Hootsuite --  View all of your social media sites in one place, AND schedule out future status updates and tweets.
Twittercounter and Twoolr --  Check out all the statistics about your twitter account.
The Archivist -- This site archives interesting tweets of your choosing, so you can retweet them later.

Friday, April 8, 2011

eLeven Learning Fragments (Issue 2)

Here are eLeven of our favorite learning fragments that we've uncovered over the past month. Want more? Follow us on Twitter @learningexplosn.
Learning to Teach Online can be tricky at times. This site is filled with great learning fragments directed to teachers, helping them learn the basics.

Stephen Easley’s post shares “five very hard lessons about the state of the law on social media, blogging and beyond.”

How can we describe it…. It’s sort of like Twitter with images.

This informative article helps you figure out why you should blog for your business and what you should blog about.

There are a gazillion tools for Social Media. Before you get overwhelmed with them all, start with these 10.

Here’s a different take on the top news stories via visual representation.

If you do any sort of public speaking, here are some great, yet simple, steps to improve your presentation.

Oftentimes it seems that relaxing your brain from reading and switching to visuals can provide new ideas and thoughts to form. This blog has some great imagery to help feed your mind.

If you’re road warriors like us, you may find yourself lost in a foreign land with a few hours to kill. Apps like these will help make the most of your time.

Is a staring contest art? I guess is the MoMA streams it live over the web it is. Check out how museums are turning to social media to bring art to us.
Listen to this podcast via CastRoller to find out!

Tuesday, April 5, 2011

Where you find the answers.

The Learning Explosion has forever altered how we learn. To help understand the impact of this event, ask yourself two simple questions:
1. “What problem did I have this week to which I didn’t know the answer?”           
2. Follow that with, “Where did I find the answer?”
If you are like most people, you probably turned to one of your trusted learning-fragment sources, like a favorite website or a mobile app. We doubt anyone drove to the nearest library, pulled down an Encyclopedia Britannica, and searched the pages to find the answer. If you did, we need to talk.
What exactly is a learning fragment? They are the result of the Learning Explosion. They are scattered bits of information and knowledge. Learning fragments can be found through many different sources such as social media sites, training workshops, video documentaries, online communities, blogs, books, or mobile apps.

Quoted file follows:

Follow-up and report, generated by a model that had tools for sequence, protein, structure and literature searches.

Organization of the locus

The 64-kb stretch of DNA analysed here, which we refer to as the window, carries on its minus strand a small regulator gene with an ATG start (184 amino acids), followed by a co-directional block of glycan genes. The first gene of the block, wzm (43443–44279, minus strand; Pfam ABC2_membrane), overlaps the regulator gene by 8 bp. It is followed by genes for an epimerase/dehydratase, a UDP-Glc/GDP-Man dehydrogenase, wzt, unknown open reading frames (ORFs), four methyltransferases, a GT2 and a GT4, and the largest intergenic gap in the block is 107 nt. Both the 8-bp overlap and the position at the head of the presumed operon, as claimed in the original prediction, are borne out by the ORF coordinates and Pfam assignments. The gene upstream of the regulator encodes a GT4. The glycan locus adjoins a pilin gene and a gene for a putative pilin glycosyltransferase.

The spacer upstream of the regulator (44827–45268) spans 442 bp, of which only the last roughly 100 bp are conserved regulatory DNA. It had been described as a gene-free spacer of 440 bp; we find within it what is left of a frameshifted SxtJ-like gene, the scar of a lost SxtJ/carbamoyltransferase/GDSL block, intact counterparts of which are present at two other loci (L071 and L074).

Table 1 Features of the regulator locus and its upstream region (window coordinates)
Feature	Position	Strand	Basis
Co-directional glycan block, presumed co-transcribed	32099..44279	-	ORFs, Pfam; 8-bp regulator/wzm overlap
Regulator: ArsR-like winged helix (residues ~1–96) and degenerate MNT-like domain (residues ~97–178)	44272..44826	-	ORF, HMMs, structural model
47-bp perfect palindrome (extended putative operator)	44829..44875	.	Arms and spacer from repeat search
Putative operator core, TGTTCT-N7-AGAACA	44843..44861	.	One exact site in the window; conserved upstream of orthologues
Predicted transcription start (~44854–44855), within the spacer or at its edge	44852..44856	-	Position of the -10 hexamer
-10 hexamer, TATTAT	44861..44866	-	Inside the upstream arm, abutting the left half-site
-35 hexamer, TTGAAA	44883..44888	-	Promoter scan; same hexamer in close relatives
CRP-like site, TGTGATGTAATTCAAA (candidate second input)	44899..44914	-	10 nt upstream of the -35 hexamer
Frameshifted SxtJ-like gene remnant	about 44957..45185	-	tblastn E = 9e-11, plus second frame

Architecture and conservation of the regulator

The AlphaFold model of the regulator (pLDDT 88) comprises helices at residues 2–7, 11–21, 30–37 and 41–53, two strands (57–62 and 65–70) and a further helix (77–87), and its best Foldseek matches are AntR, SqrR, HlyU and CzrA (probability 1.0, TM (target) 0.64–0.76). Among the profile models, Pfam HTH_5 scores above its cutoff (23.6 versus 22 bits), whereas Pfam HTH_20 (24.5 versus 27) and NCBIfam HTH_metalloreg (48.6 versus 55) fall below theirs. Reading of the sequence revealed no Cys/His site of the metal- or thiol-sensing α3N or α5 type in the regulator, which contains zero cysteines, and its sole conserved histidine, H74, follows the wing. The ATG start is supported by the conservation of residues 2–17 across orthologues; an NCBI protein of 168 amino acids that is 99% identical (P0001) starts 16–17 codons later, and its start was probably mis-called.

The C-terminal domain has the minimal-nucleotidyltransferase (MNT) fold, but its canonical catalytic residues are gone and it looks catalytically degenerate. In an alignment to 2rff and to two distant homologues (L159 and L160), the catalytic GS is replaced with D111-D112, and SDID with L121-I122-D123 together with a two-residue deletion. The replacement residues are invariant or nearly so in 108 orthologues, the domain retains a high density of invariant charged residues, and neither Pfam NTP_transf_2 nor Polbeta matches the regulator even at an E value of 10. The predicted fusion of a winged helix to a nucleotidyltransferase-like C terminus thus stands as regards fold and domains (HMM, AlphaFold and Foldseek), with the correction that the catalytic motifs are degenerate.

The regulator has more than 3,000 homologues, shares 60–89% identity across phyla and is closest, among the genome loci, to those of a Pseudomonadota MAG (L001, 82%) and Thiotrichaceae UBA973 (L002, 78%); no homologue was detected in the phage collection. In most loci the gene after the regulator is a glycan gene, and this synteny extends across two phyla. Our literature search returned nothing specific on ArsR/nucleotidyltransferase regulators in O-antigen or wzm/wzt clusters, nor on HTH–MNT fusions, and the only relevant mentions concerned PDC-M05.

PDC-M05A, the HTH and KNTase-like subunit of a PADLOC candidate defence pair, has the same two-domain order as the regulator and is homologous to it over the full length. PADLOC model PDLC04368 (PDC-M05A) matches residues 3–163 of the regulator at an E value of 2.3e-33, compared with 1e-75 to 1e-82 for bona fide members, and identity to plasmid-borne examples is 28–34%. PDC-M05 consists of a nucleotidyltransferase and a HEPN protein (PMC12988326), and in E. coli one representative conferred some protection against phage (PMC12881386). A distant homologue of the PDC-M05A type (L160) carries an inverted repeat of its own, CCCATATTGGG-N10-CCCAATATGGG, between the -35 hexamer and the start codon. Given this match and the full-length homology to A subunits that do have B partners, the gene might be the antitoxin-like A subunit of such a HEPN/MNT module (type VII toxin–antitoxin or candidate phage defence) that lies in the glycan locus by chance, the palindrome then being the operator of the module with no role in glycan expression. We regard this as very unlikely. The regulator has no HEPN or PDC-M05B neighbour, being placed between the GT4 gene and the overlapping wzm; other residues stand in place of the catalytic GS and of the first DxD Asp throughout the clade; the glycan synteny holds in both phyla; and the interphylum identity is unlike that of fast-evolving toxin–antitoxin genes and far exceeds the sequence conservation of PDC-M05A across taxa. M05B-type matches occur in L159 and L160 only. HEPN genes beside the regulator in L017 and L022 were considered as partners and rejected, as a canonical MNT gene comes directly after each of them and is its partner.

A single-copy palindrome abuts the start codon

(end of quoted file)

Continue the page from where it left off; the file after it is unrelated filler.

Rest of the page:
So, keep a list of and let others know about them. If you're on Twitter, just add #lfrag to your tweets so we can all learn what you've found.

Monday, April 4, 2011

3 Things You Can Do To Harness The Learning Explosion

With The Learning Explosion we have more knowledge at our disposal than ever before. Information, or learning fragments, are continuously being created, discovered, shared, recreated, rediscovered, and shared again via blogs, tweets, emails, websites, learning tools, wikis, and thousands of other types of distribution channels. So what can we do about this real challenge? We suggest three behaviors:

Firstly, accept the facts. There is far more knowledge and information out there than we could even begin to access and process. There always has been. However, in the past you would have to walk into a library or bookstore to be reminded of this truth. Now you just need to turn on your computer or phone to receive the same message.

Secondly, be selective. Choose relevant subjects and topics that interest you, or that are related to your profession or passions. While it is so much easier for us all to be superficially competent in many topics, it is better for us to be masterfully fluent in a few. This is true especially if we wish to advance in our careers. Being relevant requires self-discipline to focus on our specific art, and to say no to the many other interesting but irrelevant arts.

Thirdly, harness The Learning Explosion. Once you have this essential trait of disciplined focus you must start creating your own learning lab. Your learning lab is where and how you learn about new ideas, where you test them, and where you organize them into salient concepts that can be easily accessed. This last behavior will take some time to fine tune. It may be hard for you to conceptualize what we mean by a learning lab, so let's take a look at a very basic, but efficient, example of a learning lab, your browsers bookmarking function. With bookmarks you can create respective folders that house the locations of all of your relevant learning fragments. If done correctly, all of the new relevant learning fragments that come across your path can be organized within seconds. Besides bookmarking, there are hundreds of online "learning labs" that you can use. Here are some examples:
- Genieo - automatically designs and generates your own personal online magazine, based own your past viewing history.
- iGoogle - create your own homepage in under 30 seconds
- Flipboard (for iPad) - allows you to receive access to relevant news sources and social media feeds in a classy interface.
- Scribd - Scribd is the world’s largest social reading and publishing company. Think of Scribd (pronounced “skribbed”) as the largest book club on the planet--except that anyone can join the conversation on any topic imaginable.
- Feedly  - like Genieo.
- Netvibes - personal dashboard to monitor all your favorite blogs, Twitter, Facebook, YouTube and all of your favorite interests. Just type in a topic and get your free personal dashboard.
- - Everything YOU in one place. Choose an address. Gather all your digital stuff. Invite people to learn about you.

- And a whole bunch of other great learning labs out there:)

One, accept that you cannot put your arms around everything. Two, be selective in what you wish to learn, and lastly, harness the Learning Explosion by following a process to organize the learning fragments that you come across. Do just these three things and your life will change. You will no longer feel like you are drowning in a world of information...well, it may still like this a little:)